Jessamine Chan’s stunning and fearless debut novel is part a work refracting the realities of mothers and children caught by the existing child protective system, part a brilliant philosophical exploration of whether a ‘bad mother’ can ever be redeemed, part a biting evisceration of ‘ideal’ upper-middle class ‘American’ parenting
THE SCHOOL FOR GOOD MOTHERS
by Jessamine Chan
37 Ink/Simon & Schuster, January 2022
(via DeFiore and Co)
Frida Liu is an anxiety-prone, 39-year-old, Chinese-American single mom living in a Philadelphia much like ours when she is reported, after a spate of sleepless nights with her 18-month-old, for leaving her daughter alone for a stretch of time she later calls her Very Bad Day. Yet there is no room in Frida’s world for bad days, let alone bad mothers, according to the state’s increasingly empowered Child Protective Services which seamlessly takes Harriet and sets about surveilling Frida’s home. After a series of almost comically bad supervised visits, a judge deems Frida temporarily unfit. Her only hope for continuing to share custody of Harriet with her ex is to pass exams meted out by a prized new government program. This twelve-month, live-in program will retrain Frida (and other bad mothers from across the country) in how best to parent. But don’t worry, the school will assure its mothers. The state has created helpers to teach the mothers in situ. Eerily lifelike, young helpers, programmed to measure and record the depths of the repentant women’s devotion. What follows is a year of crushing indignity meets head-spinning surreality as Frida attempts to atone. A year of swinging so radically from stubborn hope to deadened ache and back again, amidst the school’s constant hammering of indoctrination, that Frida is unsure she will survive. Certain other mothers do not survive. Yet Frida is determined to be reunited with Harriet again, to remind her daughter of the worth of her flawed love. Whether the state deems her a suitable mother, or not.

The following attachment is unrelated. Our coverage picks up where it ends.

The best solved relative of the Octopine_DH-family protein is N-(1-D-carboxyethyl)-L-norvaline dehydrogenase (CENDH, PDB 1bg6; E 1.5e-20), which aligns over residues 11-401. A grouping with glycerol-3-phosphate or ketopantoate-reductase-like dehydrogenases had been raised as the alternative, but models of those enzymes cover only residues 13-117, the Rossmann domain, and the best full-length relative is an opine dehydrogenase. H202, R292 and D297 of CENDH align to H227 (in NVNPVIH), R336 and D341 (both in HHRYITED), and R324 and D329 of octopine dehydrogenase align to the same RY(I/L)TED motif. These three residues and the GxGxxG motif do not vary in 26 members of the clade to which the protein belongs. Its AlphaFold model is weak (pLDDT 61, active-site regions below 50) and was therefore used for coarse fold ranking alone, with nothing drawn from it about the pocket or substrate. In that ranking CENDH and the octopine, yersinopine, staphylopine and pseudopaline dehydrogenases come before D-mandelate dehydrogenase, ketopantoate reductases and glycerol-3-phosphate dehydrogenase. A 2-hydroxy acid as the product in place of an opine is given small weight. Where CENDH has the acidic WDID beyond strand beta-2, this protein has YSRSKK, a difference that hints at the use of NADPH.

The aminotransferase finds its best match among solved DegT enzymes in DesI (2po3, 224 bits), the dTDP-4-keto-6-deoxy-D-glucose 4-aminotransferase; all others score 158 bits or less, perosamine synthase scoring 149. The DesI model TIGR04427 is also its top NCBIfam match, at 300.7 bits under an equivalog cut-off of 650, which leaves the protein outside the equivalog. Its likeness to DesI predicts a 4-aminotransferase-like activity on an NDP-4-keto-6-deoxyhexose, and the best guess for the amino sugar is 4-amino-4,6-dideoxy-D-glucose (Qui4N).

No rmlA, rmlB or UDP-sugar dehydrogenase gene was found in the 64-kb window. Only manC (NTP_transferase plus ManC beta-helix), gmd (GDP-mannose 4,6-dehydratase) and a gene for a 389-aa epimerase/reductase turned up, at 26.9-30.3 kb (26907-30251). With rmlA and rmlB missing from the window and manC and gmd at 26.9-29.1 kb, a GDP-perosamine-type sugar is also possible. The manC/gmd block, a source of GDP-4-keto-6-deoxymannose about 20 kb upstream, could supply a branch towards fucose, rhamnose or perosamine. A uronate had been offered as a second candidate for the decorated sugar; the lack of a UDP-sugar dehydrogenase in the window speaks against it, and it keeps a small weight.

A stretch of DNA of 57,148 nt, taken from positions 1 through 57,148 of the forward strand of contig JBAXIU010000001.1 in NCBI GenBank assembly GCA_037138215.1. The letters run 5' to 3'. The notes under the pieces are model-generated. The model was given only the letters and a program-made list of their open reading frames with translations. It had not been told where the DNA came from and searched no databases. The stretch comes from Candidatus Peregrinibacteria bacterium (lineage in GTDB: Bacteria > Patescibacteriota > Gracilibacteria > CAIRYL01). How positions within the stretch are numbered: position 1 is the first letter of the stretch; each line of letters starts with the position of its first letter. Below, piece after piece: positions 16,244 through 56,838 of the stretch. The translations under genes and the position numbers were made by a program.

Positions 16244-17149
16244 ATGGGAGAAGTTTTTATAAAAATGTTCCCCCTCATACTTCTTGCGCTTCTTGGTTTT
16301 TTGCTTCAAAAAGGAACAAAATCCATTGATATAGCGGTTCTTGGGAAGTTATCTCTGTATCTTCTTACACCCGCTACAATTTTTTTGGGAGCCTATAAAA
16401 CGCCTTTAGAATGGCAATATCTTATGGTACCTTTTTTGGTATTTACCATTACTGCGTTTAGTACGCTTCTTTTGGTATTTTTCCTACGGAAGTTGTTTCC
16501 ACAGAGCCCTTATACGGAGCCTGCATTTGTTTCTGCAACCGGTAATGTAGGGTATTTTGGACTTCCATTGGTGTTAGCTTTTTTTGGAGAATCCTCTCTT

Jessamine Chan’s debut gazes, with an ear for beauty and even occasional macabre humor, into an abyss some may find too dark to even fathom, yet which others face regularly, one way or another. Literary but with thriller-like stakes, it is a book, a la its protagonist, that refuses to be merely one thing as it pulls the reader along. It is no surprise that it was inspired by books, among others, including Never Let Me Go and 1984.
Jessamine Chan holds an MFA from Columbia University, where she was awarded a teaching fellowship. Her short fiction has appeared in Tin House and Epoch. In 2017, she received a grant from the Elizabeth George Foundation to fund the completion of this novel. Her work has also received support from Bread Loaf, the Wurlitzer Foundation, Jentel, the Kimmel Harding Nelson Center, the Anderson Center, VCCA, and Ragdale. Prior to moving to Philadelphia, where she lives with her husband and daughter, she worked as a nonfiction reviews editor at Publishers Weekly.